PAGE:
Nurses should be recruited from foreign countries to ease our demand for nurses

Nurses should be recruited from foreign countries to ease our demand for nurses

            Similar to the economics of resources, the supply of nurses have been challenged with the increasing amount of demand.  In reality, the number of people studying and training to become nurses are not enough to fulfil the supply, which is why the entry of foreign nurses is significant.  In addition, the acceptance of these foreign-born nurses is based on the fact of cultural diversity as present in the country today.

            The demand for nurses further increase through time with more and more people requiring health and medical care; in addition to this, the growing ageing population can be also regarded as a segment where the demand further increases.  Obermeyer (2005) mentioned that the United States would eventually have a shortage of nurses in the coming years, especially by 2020 when it was projected that the shortage would reach one million.  At present, a significant portion of the nurses and physicians in the United States are foreign born, at 12% and 20% respectively (Obermeyer, 2005).  The current need to diversify the supply of nurses is not just for the purpose of making sure that the supply meets demand, but also, there is the need to reflect certain social realities, especially when it comes to growing multiculturalism and practices that cater specifically to the needs of the patients of different backgrounds and values.

            The need to recruit nurses from foreign countries can then be cited to have the following benefits: they will fill in the shortages and the demand, and these foreign-born nurses will be also able to attend to patients who are also foreign-born or have foreign backgrounds.  This can bring forth a flexible and accessible environment for any health institution.  This is in acknowledgement of the growing diversity in the country.  In addition, they can also possess exceptional skills, such as Asian nurses being cited to have competitive clinical skills (Obermeyer, 2005).  However, as Obermeyer also mentioned, these foreign-born nurses will potentially face a number of challenges mainly due to the fact they are going to be a part of the society’s “minority”.  This is further supported by Apesoa-Verano and Verano (2004) in which the authors bring up challenges in transnational recruitment, citizenship, assimilation, and being able to meet standards of practice.  In any case, as can be seen in the established philosophies of the practice, this can be seen to also change as the environment and the society continue to change and that the demands further diversify; the presence of these foreign nurses will be able to deliver the art and sciences needed for an overall competitiveness of the industry and the profession in the country.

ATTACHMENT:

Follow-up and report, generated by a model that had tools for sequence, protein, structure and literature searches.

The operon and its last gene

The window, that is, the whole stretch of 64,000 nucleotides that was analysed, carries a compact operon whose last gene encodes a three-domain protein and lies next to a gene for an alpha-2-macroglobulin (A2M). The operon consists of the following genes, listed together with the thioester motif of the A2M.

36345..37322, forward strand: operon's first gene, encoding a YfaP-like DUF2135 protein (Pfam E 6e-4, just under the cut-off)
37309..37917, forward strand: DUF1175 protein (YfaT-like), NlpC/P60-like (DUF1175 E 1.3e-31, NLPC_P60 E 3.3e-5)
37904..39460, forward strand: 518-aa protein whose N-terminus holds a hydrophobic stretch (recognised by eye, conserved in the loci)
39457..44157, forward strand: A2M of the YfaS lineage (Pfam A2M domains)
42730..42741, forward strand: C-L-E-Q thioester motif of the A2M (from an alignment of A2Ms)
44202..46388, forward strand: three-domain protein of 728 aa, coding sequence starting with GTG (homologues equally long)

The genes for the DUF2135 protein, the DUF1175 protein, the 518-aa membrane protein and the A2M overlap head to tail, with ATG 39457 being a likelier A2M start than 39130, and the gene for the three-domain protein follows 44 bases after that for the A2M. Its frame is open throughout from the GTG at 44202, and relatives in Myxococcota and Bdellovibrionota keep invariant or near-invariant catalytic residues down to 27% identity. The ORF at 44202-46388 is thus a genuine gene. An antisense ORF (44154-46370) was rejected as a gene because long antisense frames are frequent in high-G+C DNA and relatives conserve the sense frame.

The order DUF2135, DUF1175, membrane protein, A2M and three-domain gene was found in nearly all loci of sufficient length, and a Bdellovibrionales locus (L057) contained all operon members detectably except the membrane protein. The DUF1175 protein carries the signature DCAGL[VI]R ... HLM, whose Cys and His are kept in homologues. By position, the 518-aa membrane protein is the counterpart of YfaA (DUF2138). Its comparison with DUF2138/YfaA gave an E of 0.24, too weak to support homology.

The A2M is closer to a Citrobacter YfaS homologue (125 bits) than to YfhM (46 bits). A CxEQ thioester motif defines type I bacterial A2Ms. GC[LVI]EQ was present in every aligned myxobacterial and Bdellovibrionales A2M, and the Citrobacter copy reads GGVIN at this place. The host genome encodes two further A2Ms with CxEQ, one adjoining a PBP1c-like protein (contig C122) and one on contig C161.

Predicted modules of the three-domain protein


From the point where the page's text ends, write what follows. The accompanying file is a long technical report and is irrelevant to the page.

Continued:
Nurses are tasked with a number of functions concerning the provision of care and the delivery of well-being and medical and health support to the patients and their needs; these need range from their physical, mental and spiritual health, all of which are addressed for the purpose of recovery and restoration of health.  Based on this, it can be observed that the nursing profession, through time, has become more diversified.  This can be seen as manifestations of nursing philosophies in which Mitchell (2005) demonstrated that the practice is not restricted, and that the emergence of various disciplines and “schools” has given way to certain frameworks of practice.  Examples are debates between culture-bound and timeless principles, and order and stability versus pattern and change.  From this, it can be said that nursing is an evolving profession, and certain changes can then be defined according to the dynamics and the needs of the society (Haylock, 2005) which include the economics of labor and cultural make up.

Annotated References

Apesoa-Verano, E. & Verano, C.  2004.  Nurses and Labor Activism in the United        States: The Role of Class, Gender, and Ideology. Social Justice, vol. 31, no.    3, pp. 77+.

– This peer-reviewed journal article addresses activism among nurses in the United States and addresses the issues of foreign-born/immigrant nurses, their benefits and the challenges they face as they transfer their practice in the U.S.

Haylock, P.  (2005). So You Want to be a Nurse. In J. Daly, S. Speedy, D.

Jackson, V. Lambert & C. Lambert (Eds.) Professional Nursing: Concepts, Issues, and Challenges.  New York: Springer.

– Discusses the demands of the profession, especially with respect to the current demands of the society.

Mitchell, G.  (2005). Nursing, Philosophy and Knowledge: a Commitment to Know

Oneself and Others.  In J. Daly, S. Speedy, D. Jackson, V. Lambert & C. Lambert (Eds.) Professional Nursing: Concepts, Issues, and Challenges.  New York: Springer.

– This chapter in a book addresses nursing as based on relationships between the nurse and the people he or she encounters, such as people from different backgrounds, cultures, and even those with different belief systems which is apparent in their health and medical practices.

Obermeyer, M.  (2005, Oct. 24).  Foreign nurses in the U.S.A.: what are the

challenges? Buzzle.  Retrieved 11 September 2008 from

– This website article discusses the state of the foreign nurses in the US, especially the benefits of having them fulfill the demand.

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